Directed by Tom Hooper
Written by Lucinda Coxon
Starring Eddie Redmayne, Alicia Vikander, Adrian Schiller and Amber Heard
Runtime: 119 minutes
In 2010, director Tom Hooper dazzled the world with his third feature The King’s Speech. He showed great promise and quickly rose to prominence, able to direct anything he wanted for his follow-up. Unfortunately, that follow-up was 2012’s Les Miserables, a musical that did not successfully make the jump to film and a film that didn’t understand it was the characters who were supposed to be miserable, not the audience watching them. Now comes The Danish Girl which isn’t as good as The King’s Speech by a long shot but is not nearly as bad as Les Miserables. Given that, it’s still a disappointment given that it seems to want to give a voice and a legitimacy (?) to transgender individuals. Sorry to say, but this is not the trans empowerment film you’re looking for.
The story revolves around Einar Wegener (Eddie Redmayne) and his wife Gerda. Both are artists in 1920s Holland, but Einar is more respected (simply because he’s a man, it seems). One day, Gerda needs a stand-in for one of her portraits and she convinces Einar to put on a dress, complete with stockings, shoes et all to pose for her. He protests but does it anyway and is later seen touching the clothing longingly and Gerda and their dancer friend Ulla (Amber Heard) and Einar decide to really make him up to look like a woman whom Einar names Lili. Lili soon becomes an alter-ego for Einar to the point where he identifies more strongly with Lili than Einar and decides to live life as a woman. She then discovers there is a doctor that may be able to surgically do this for her, making her the first person to undergo a sex-change operation.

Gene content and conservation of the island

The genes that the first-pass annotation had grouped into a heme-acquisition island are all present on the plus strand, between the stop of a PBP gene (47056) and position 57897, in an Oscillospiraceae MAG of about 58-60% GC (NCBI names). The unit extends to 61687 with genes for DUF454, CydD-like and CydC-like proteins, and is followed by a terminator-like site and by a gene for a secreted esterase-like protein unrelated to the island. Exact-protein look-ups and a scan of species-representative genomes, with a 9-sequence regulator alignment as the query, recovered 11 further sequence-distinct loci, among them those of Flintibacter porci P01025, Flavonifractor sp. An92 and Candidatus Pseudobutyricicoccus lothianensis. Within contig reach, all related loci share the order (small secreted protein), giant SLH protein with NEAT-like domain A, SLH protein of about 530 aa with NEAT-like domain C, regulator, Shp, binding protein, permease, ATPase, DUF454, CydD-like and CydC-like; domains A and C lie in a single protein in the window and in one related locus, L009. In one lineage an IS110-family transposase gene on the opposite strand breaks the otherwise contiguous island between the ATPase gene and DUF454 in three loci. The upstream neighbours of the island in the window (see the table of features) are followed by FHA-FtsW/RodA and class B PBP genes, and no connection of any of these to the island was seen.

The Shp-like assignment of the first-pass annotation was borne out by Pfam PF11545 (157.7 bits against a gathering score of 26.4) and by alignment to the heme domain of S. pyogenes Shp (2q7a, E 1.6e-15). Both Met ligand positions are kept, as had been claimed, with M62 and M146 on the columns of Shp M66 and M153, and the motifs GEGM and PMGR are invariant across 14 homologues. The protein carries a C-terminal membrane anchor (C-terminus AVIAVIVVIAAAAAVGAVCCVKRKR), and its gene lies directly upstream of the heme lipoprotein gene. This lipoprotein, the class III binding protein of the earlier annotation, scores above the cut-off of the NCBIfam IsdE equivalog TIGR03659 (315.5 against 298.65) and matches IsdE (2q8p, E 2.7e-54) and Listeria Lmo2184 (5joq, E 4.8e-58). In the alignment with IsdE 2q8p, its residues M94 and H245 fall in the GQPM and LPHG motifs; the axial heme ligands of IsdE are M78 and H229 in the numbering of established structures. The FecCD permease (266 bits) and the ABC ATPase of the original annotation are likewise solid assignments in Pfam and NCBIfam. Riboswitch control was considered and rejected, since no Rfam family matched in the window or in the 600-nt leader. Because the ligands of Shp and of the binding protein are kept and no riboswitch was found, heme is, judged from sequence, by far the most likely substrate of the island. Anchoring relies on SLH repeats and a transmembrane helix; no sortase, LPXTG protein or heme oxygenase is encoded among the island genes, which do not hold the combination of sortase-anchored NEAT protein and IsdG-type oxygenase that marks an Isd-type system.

That sounds like a give-away of the entire story, and maybe it is, but it’s more or less the official description of the film and therein lies the problem. Screenwriter Lucinda Coxon simplifies the story so much that a lot of the nuance is drained out of it. Though there are some good scenes, the film just plods along, slowly building to the finale but not building in emotion. There is a distance put between the audience and the characters that makes identification difficult (but not impossible). She makes Einar/Lili incredibly tortured, as she should well be identifying as a woman in the 20s was likely a difficult thing for a man to do, but it all ends up being a little too matter-of-fact. Gerda and her emotional state is far too simple at the start to justify the complexity she shows at the very end. She’s written as the dutiful and faithful wife, supporting her husband in his endeavor, which is good but she’s too understanding to be believable. True, this is conceived as a love story around the true story of Lili and her coming into being, but it’s all a bit too contrived to be involving or meaningful.